Holiday season health risks and how to cope with them
Evelyn Makena @evemake_
The holidays are a great time to come together with loved ones and make merry.
There are certain Christmas pitfalls both physical and mental that can easily kill the joy of the festive season.
Taking a few precautions could help prevent health mishaps and ensure you and your loved ones are safe and healthy to enjoy the holidays.
Save for the curfew, the government has so far not announced any other travel restrictions and this means there will be a lot of movement as families get together for Christmas.
This increases the risk of contracting the Covid-19 causing virus. Hugging and kissing relatives, sitting in close proximity while travelling, touching items on supermarket aisles while shopping and gathering for the family barbeque; all these are perfect opportunities to spread the contagious coronavirus.
Dr Githinji Gitahi, CEO, Amref Health Africa says that there is a likelihood of a spike in Covid-19 positivity rate in January due to the festivities.
“The trend of the infections across the world and in Kenya has been that the virus spreads faster in areas that are highly urbanised due to high populations and a lot of movement.
There is likely to be a lot of movement and many congregations during Christmas thus leading to an increase in infections come January,” says Gitahi.
In recent months, countries across the world have reported an increase in pandemic fatigue, a phenomenon defined by the World Health Organisation as demotivation to follow recommended behaviour and to seek information. Pandemic fatigue during the festive season could lead to increase in number of infections.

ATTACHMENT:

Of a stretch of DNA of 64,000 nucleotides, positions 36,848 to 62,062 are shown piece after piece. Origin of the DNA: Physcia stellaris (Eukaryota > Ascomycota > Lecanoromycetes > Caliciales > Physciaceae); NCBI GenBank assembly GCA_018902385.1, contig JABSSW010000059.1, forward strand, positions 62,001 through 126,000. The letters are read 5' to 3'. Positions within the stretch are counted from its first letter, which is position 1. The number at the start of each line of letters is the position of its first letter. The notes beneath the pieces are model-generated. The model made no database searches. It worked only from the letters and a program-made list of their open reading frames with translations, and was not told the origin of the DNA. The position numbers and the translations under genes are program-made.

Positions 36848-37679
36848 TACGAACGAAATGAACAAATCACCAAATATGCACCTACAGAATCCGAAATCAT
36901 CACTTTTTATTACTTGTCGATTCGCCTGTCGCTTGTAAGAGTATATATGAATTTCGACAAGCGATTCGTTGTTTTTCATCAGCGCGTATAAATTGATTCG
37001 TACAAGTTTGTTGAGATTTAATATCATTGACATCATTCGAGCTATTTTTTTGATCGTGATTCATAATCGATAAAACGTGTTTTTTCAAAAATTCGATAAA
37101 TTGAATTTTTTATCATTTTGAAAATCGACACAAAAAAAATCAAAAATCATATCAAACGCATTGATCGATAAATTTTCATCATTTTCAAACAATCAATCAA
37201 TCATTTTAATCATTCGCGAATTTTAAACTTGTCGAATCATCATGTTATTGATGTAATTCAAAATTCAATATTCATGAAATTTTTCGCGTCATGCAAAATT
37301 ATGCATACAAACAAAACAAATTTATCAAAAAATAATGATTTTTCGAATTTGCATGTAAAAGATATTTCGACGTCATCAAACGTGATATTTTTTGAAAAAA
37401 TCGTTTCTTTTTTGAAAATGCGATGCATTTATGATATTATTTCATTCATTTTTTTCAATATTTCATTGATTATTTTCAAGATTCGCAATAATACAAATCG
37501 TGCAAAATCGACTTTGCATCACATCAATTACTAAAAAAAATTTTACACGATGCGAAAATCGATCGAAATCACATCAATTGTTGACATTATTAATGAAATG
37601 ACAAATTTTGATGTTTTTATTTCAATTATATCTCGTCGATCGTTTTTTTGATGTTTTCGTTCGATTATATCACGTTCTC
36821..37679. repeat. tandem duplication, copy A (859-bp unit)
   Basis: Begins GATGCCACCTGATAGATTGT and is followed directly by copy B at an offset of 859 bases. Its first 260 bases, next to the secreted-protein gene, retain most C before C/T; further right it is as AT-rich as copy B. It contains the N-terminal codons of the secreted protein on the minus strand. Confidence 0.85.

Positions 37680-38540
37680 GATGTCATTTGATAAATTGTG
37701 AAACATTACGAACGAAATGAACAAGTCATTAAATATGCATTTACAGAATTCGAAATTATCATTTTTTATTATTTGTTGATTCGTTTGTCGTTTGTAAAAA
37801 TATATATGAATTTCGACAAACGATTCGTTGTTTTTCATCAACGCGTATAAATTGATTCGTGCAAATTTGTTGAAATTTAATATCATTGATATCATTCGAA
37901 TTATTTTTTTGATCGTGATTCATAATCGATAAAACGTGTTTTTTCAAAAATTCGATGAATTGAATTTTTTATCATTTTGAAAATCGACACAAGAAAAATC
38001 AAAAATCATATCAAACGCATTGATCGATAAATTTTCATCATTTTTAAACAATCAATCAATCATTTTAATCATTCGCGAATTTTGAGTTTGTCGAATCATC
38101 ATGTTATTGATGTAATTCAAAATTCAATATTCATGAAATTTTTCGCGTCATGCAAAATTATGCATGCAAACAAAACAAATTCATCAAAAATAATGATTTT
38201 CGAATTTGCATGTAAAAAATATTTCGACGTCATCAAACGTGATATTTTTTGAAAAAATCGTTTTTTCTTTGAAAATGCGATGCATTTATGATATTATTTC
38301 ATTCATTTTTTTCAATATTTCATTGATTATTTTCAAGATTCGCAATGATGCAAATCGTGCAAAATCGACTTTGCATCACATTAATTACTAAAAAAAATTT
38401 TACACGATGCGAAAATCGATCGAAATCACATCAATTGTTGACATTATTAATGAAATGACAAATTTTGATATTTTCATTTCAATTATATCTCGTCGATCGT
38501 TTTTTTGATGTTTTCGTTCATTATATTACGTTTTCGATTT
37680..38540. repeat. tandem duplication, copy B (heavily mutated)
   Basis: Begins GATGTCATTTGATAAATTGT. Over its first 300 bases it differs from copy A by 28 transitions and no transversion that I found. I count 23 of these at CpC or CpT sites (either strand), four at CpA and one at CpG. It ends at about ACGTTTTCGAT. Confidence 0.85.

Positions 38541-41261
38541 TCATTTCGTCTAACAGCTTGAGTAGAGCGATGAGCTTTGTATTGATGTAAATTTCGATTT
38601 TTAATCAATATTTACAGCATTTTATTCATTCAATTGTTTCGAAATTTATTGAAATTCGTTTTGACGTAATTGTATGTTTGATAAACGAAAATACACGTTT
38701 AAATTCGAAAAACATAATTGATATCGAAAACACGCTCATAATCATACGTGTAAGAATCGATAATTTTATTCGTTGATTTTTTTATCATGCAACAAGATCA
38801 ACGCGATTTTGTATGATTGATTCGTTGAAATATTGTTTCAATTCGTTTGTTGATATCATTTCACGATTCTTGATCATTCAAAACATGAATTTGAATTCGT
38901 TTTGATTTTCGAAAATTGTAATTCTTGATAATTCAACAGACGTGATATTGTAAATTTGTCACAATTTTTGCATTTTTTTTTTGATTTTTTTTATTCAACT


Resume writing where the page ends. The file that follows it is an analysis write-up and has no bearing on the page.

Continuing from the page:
More than 3,409 people died through road crashes in 2019, according to National Transport and Safety Authority.
Statistics show that more crashes occur in the run-up to Christmas and that there is a higher chance of being involved in an accident during Christmas than any other time of the year.
By mid-December last year, there were 195 road accident fatalities reported.
According to Moses Omeri, CEO, resQ247 ltd, a firm that provides medical emergency rescue services, several factors contribute to the high number of road accidents during festivities.
With many people travelling to meet loved ones or for holidays, there are significantly higher numbers of vehicles on the roads. Similarly, more people are likely to be driving along unfamiliar routes.
“It could be the road one has used before, but that has been altered due to constructions or one you have never travelled on before,” says Omeri.
If travelling on such a road at high speed, there is a higher chance of getting involved in a road accident.
Over speeding, use of unroadworthy vehicles and poor visibility, especially during wet weather conditions are other factors that increase fatalities during December period.
Omeri notes that there are so many roads under construction around the country hence the need to drive at a reasonable speed throughout to allow for adequate reaction time in case of any unexpected situations.
To reduce fatalities during the festive season, Moses advises motorists to have information on the weather of their destination or route prior travelling, take a car for a check, especially if travelling for long distances, avoid night travel, especially in areas with poor visibility and to always buckle up.
“Having your safety belt on increases your chances of getting out of crash alive by 70 per cent,” adds Omeri, who also advises pedestrians to cross the road at designated areas noting that they account for the highest number of road crash fatalities.